Hacker IP traced to China
A joint government-civilian-military team, formed in response to the cybersecurity breach, announced its initial findings based on analysis of the data collected from Nonghyup Bank that the malicious code that paralyzed the network systems came from a Chinese IP address.
“After we analyzed the network systems of Nonghyup [one of the three banks hacked], we discovered an IP address from China accessed a bank server that managed [antivirus] software updates, which then produced malicious files,” Park Jae-moon, director of the Korea Communications Commission’s network policy team told reporters during a briefing yesterday.
The director said it was through the virus infected-update-management server that other computers at the bank headquarters and branches were also infected with the malware.
The embedded malicious code, delivered by unidentified hackers with the Chinese IP address, was programmed to start destroying the boot function of the computers to paralyze the network system.
The state-run body also reported 32,000 computers and network servers of the six targeted institutions were sabotaged.
Experts say it is hard to track down the IP address if it comes from a third country, such as China, which is why Pyongyang is strongly thought to have orchestrated the massive infiltration Wednesday. North Korea is thought to have carried out its cyber-espionage attempts in the past via IP addresses in China, an allegation the communist state has denied so far.
“As we have identified a source of the attack, many different scenarios [about the attack] are possible now. We are now doing our best to identify those responsible for the hacking,” added the official.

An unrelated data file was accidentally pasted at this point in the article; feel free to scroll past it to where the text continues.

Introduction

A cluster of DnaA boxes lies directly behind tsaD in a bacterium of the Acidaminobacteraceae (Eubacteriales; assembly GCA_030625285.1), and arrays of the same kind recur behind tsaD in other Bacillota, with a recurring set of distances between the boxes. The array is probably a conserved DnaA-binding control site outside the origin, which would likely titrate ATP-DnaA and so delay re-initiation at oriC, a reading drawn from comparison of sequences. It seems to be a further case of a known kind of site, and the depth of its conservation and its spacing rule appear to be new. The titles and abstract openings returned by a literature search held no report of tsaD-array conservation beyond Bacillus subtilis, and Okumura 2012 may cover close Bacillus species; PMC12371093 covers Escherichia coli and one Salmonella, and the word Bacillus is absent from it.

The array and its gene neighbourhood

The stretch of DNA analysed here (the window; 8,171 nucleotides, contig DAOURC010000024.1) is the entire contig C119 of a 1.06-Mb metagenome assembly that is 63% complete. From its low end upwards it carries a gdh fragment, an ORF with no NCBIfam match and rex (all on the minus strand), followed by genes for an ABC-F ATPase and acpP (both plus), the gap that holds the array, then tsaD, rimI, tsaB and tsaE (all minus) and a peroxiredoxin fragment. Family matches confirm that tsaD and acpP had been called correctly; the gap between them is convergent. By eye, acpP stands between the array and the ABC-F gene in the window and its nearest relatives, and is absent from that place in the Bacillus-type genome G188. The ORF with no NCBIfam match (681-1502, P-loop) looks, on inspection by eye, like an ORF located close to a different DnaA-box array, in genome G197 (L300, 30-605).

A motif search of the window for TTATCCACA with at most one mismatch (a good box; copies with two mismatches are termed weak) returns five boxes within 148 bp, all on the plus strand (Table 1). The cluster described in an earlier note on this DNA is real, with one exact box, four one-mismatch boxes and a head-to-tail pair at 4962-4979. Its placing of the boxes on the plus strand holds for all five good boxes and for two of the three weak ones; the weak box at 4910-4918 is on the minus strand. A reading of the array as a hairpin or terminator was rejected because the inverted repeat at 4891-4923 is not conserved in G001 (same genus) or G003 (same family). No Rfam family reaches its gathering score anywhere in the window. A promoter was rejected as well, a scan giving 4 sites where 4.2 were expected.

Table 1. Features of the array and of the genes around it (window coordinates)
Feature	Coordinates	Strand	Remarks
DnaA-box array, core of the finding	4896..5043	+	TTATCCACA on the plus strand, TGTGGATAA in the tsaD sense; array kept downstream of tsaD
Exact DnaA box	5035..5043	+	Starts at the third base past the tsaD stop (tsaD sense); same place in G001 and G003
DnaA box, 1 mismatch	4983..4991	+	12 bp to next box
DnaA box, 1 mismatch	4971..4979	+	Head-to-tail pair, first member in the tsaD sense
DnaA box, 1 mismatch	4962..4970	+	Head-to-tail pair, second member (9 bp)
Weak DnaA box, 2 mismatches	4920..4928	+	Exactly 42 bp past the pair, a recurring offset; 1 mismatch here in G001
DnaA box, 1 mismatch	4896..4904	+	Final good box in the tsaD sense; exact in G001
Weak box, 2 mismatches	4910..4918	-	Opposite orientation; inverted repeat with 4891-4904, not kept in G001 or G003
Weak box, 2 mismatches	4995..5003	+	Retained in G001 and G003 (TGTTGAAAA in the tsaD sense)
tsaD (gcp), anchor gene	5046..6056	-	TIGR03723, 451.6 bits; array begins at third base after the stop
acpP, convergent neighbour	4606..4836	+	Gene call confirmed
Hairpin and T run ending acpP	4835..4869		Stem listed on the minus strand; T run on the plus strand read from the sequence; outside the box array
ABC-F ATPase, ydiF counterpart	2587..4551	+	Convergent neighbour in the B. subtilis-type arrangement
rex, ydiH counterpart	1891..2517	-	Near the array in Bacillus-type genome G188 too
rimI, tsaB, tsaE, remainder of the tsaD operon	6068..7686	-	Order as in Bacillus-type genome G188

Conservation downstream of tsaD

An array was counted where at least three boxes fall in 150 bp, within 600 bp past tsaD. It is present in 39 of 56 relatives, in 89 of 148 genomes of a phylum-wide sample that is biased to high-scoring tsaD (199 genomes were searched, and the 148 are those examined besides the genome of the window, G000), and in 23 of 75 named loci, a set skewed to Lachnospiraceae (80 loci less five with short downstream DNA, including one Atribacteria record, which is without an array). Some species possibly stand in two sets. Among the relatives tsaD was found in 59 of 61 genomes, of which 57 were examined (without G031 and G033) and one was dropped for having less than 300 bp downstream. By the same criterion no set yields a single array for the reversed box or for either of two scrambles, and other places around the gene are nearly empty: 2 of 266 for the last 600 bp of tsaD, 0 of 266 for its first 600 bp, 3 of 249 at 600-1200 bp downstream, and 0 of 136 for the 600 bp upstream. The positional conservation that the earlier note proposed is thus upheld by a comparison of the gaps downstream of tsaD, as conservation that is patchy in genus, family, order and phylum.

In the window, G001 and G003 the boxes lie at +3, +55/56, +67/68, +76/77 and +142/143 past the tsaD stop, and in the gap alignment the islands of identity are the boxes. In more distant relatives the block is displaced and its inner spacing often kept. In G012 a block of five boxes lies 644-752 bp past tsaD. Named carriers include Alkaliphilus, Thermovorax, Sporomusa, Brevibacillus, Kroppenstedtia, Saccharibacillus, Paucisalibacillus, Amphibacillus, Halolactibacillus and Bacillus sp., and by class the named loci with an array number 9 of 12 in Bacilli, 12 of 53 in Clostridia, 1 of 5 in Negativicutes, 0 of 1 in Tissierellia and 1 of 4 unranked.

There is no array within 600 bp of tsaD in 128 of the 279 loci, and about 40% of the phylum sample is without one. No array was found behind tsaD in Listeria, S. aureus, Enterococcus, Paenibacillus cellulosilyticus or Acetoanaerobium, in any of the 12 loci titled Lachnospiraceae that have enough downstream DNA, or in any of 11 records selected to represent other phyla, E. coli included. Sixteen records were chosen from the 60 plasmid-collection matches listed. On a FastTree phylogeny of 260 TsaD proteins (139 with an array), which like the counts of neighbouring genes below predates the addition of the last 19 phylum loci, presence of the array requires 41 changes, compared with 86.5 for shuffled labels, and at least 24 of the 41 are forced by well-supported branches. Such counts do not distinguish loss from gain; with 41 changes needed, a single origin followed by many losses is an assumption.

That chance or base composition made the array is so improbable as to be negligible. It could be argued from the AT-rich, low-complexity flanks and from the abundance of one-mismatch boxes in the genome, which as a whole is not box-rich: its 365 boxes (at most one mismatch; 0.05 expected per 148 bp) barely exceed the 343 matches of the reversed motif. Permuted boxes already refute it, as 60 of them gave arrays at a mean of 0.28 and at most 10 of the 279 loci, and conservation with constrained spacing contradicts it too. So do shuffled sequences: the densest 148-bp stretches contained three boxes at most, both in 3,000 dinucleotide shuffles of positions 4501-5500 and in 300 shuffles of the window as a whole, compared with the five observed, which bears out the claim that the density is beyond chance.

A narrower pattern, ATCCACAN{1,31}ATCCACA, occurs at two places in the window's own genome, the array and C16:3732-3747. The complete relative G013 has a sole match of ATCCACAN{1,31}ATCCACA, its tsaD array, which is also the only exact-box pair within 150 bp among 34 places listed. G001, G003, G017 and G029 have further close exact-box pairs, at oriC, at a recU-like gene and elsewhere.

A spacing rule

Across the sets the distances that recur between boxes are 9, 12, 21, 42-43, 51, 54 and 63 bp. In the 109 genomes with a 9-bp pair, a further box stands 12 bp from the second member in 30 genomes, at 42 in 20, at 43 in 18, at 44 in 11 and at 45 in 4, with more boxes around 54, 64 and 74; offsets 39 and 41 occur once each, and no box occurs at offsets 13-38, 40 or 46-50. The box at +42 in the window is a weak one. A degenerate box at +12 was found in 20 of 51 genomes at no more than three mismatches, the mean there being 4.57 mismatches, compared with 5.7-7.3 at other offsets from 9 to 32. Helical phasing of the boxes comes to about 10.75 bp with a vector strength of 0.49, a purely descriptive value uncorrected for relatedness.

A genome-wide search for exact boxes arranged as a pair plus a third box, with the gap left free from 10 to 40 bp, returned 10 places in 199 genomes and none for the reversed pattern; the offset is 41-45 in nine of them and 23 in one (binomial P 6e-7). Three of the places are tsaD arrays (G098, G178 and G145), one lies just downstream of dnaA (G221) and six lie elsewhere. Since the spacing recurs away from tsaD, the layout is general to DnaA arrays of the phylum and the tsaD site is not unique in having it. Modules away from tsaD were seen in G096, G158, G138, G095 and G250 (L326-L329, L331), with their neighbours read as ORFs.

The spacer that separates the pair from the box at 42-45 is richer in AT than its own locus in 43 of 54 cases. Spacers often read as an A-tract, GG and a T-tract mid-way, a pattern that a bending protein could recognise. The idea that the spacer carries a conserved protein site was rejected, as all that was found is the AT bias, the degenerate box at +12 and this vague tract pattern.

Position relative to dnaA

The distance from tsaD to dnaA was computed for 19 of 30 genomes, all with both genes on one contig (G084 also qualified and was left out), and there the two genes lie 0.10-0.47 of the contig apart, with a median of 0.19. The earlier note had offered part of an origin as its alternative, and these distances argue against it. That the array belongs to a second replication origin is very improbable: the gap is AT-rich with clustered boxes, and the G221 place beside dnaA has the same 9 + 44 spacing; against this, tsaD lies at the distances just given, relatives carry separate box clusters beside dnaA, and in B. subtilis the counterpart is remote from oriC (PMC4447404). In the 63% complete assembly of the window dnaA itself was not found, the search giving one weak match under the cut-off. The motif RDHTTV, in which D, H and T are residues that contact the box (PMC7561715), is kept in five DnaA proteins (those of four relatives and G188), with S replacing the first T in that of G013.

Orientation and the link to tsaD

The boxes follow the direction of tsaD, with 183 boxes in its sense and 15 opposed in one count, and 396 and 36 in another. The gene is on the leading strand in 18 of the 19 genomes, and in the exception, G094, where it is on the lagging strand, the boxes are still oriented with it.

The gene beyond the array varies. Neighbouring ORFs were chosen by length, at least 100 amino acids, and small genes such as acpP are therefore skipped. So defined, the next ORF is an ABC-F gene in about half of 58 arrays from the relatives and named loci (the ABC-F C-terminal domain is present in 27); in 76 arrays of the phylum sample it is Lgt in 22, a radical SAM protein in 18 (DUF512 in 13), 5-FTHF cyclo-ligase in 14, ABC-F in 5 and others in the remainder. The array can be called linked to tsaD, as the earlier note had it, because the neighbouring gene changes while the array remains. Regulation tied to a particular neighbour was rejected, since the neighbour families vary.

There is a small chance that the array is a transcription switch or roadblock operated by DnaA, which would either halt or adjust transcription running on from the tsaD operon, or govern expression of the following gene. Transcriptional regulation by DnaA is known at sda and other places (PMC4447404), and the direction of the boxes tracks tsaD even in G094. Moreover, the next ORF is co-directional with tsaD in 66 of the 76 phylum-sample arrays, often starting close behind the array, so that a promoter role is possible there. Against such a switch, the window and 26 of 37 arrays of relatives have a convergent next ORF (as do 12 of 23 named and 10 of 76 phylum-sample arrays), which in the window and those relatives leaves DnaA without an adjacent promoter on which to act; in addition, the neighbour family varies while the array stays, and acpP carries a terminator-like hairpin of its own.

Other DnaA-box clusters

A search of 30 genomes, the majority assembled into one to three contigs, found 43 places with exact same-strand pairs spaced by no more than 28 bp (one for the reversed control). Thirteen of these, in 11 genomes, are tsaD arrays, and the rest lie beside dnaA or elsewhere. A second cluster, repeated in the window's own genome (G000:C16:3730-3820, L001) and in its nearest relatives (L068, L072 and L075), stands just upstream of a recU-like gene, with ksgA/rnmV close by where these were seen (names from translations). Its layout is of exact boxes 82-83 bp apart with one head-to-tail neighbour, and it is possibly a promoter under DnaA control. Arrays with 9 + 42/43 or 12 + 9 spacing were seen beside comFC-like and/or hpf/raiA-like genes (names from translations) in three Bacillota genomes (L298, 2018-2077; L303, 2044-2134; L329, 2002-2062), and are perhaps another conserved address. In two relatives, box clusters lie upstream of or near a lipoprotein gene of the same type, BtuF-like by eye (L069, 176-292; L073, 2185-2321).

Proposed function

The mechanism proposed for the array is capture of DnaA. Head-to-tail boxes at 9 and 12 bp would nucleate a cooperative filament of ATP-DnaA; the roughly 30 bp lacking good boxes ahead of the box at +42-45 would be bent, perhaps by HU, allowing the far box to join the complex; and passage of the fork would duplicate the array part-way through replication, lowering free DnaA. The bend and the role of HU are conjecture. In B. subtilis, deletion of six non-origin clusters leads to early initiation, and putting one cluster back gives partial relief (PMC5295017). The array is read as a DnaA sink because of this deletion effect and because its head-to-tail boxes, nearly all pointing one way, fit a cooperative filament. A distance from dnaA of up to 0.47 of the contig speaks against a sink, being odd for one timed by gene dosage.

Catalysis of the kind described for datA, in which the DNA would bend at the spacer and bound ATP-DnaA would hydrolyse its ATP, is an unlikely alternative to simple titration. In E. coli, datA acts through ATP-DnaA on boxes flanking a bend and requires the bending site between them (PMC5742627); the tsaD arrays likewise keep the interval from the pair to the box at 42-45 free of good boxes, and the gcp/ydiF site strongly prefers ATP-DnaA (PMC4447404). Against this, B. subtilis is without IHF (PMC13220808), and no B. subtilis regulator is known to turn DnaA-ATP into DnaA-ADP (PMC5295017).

The spontaneous cyberattack waged on Wednesday caused shutdowns of computer servers at three TV network stations, MBC, KBS and YTN, and hindered banking transactions at Shinhan, Nonghyup and Jeju banks as their computers were also infected with the virus.
As of 5 p.m. yesterday, the Web site of KBS was still down while the groupware operations at MBC were malfunctioning. YTN also reportedly suffered from losing its database.
Shinhan Bank said it fully resumed its banking operations following the recovery of network operations. It was business as usual at Nonghyup except for some 20 percent of the ATM machines in the county weren’t working. The groupware Web page of the telecom service provider LG U+ showed an image of skulls with a message from the hackers.
The Korea Internet Security Agency said it would take at least four to five days to restore functioning of the computer network systems of the damaged institutions.
One senior-ranking official at the Blue House said there is a “high suspicion that the attack was committed by the North while the government is analyzing the incident with all the possibilities in mind.”
Another official at the presidential office, who also spoke on condition of anonymity, said it’s “too early to say the attack was done by the North at the current stage.” But he added the North is fully “capable of carrying out the cyberattack” like the one seen on Wednesday with its cyberwarfare unit that reportedly has trained around 3,000 elite hackers.
“We already have taken action to raise readiness against another round of cyberattacks that could target national infrastructure facilities,” said the official.
Amid rising speculation it was a Pyongyang-driven plan to disrupt media and financial operations in the tech-savvy country, the National Intelligence Service said in its report to the National Assembly that 73,030 cyberattacks on South Korean government and private institutions have been waged over the past five years. The spy agency strongly believes six out of the total numbers were carried out by the North.
One of the suspected six Pyongyang-led cyberattacks is the hacking of the Web site and server of the JoongAng Ilbo and the Korea JoongAng Daily, in June of last year, which disrupted the network system and destroyed the database that stored articles and photos.
The three targeted broadcasters - KBS, YTN and MBC - were on a list of media groups Pyongyang warned of retaliation last year for their critical coverage of North Korean affairs.
Pyongyang has neither acknowledged nor denied responsibility for the Wednesday attack as of yesterday. It has not commented on the incident.
By Kang Jin-kyu [firstname.lastname@example.org]
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